“From being apologetic of the label 'feminist', I have become convinced of the need to use the word as often as possible” – Peggy Antrobus
The misconception among many of us lays that the term ‘Feminist’ refers to something foreign and alien to us and it is not related to us at all. But we need to have self-realization that stands for something more significant. From the view of Peggy Antrobus, the term “Feminist” helps us to remind that we must have the consciousness to realize where oppression is and how should we work against it, for all Gender groups.
I came to realize it back in the year 2019 when I started my work as a fellow of Teach for Bangladesh, a reputed NGO in Bangladesh. My role was to work as a teacher and community mobiliser in the under-resourced community of Dhaka, the capital of Bangladesh. My workplace was confined to a small six rooms elementary school in an impoverished colony belonging to people of the Dalit caste. My first few weeks of experience working there as a teacher for young students, and community mobiliser to advocate important awareness messages to the community, made me realized the clear segregation of population in there in the bias of gender, male and female, the former one in a dominating position. Though not surprising, the manner men mistreated women was new to me, with discriminating attitudes even rooted in their younger generations. Male students would speak to their female peers in an assertive tone, as though the majority of the classroom resources and leadership positions belonged to them, even though they were evenly distributed among both gender groups. The perspective was not confined to male students; female students also worried that pursuing resources, leadership positions, and striving for higher performance would demean male students. I was searching for a way to change the mindset of my students to enable them to grow of this shrink hole, and regardless of any distinction work together for the collective good. At that time, I found feminism, and since then I have been a strong believer in it.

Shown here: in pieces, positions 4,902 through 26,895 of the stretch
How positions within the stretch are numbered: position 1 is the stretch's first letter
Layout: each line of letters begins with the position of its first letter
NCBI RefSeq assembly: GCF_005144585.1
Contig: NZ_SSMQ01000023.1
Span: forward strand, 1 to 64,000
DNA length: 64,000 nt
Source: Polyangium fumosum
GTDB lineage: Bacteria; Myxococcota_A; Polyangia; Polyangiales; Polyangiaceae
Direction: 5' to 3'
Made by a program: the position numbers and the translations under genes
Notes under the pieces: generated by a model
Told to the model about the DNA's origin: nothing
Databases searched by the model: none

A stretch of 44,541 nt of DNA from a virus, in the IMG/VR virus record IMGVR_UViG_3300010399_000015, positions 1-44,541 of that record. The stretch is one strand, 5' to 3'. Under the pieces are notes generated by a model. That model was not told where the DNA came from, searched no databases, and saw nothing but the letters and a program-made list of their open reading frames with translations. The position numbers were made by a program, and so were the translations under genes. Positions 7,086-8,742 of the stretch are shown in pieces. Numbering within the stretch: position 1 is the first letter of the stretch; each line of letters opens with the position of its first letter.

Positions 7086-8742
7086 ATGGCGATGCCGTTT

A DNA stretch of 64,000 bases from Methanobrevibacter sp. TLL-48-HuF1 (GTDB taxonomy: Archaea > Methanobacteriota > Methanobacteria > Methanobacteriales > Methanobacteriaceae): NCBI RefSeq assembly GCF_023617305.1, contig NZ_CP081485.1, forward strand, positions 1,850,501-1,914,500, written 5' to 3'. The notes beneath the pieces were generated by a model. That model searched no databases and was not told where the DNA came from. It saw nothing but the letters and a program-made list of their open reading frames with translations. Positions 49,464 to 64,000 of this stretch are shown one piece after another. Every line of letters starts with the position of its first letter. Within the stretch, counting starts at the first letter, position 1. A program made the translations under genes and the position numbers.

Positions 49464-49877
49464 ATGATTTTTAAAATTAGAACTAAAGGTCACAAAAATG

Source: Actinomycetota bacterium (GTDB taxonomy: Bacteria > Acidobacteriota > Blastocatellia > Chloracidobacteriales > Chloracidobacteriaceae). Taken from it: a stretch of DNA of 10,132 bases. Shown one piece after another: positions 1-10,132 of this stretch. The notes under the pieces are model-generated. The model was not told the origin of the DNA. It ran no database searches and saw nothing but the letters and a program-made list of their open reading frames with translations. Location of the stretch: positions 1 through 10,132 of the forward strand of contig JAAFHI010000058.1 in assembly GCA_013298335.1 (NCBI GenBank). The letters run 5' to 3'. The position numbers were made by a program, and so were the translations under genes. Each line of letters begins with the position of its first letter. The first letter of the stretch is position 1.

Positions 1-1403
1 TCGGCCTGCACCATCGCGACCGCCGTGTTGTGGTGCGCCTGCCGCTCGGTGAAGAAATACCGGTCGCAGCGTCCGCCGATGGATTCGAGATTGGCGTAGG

Feminist defines development in a new context and it introduces us to society’s issue that we often care to a little bit to ignore. Feminism, the belief in social, economic, and political equality of the sexes. Feminist theory explores both inequality in gender relations and the constitution of gender. Feminism explains how institutions operate with normative gendered assumptions and selectively reward or punish gendered practices.
Before diving into the key concepts of the Feminism Development approach, we must have a look at “what development is?”
Nobel laureate economist Amartya K. Sen has described, the word ‘Development’, as ‘Freedom’. The ultimate end of development is freedom of the individual and the way to gain the development is through achieving freedom. Amartya Sen has argued that freedom is gained by gaining opportunity on the aspects of economic, political liberties, social facilities, enabling conditions of good health, basic education, and the encouragement and cultivation of initiatives.
Feminism can be related to ‘Freedom Development Thought’ that feminism works to promotes equality in all segments of opportunities for all. Here, “all” represents all prevailing gender groups in society.
Feminism helps us to understand –
- Existing gender inequality in society.
- Existing patriarchy and economic systems in the society propagate oppression among selected gender groups.
- Existing Gender Hierarchy at social institutions (Home, workplace) that forces decisions and economic opportunities. As an example: Women unpaid works in the household is ignored both in national income statistics, social institutions (family, religious institutions, etc.) and individual attention.
Feminism suggests true development can be achieved through:
i. Taking gender differences into account
ii. Creating systems for individuals to promote their development
iii. Undertaking strategies that challenge social structures
iv. Chaining economic order
v. Recognizing all gender voices.
Feminism: A solution to Gender Discrimination
Before eliminating a problem, the puppeteer, or in other words causes have to be found out, feminism here helps us to best explain gender discrimination in social institutions.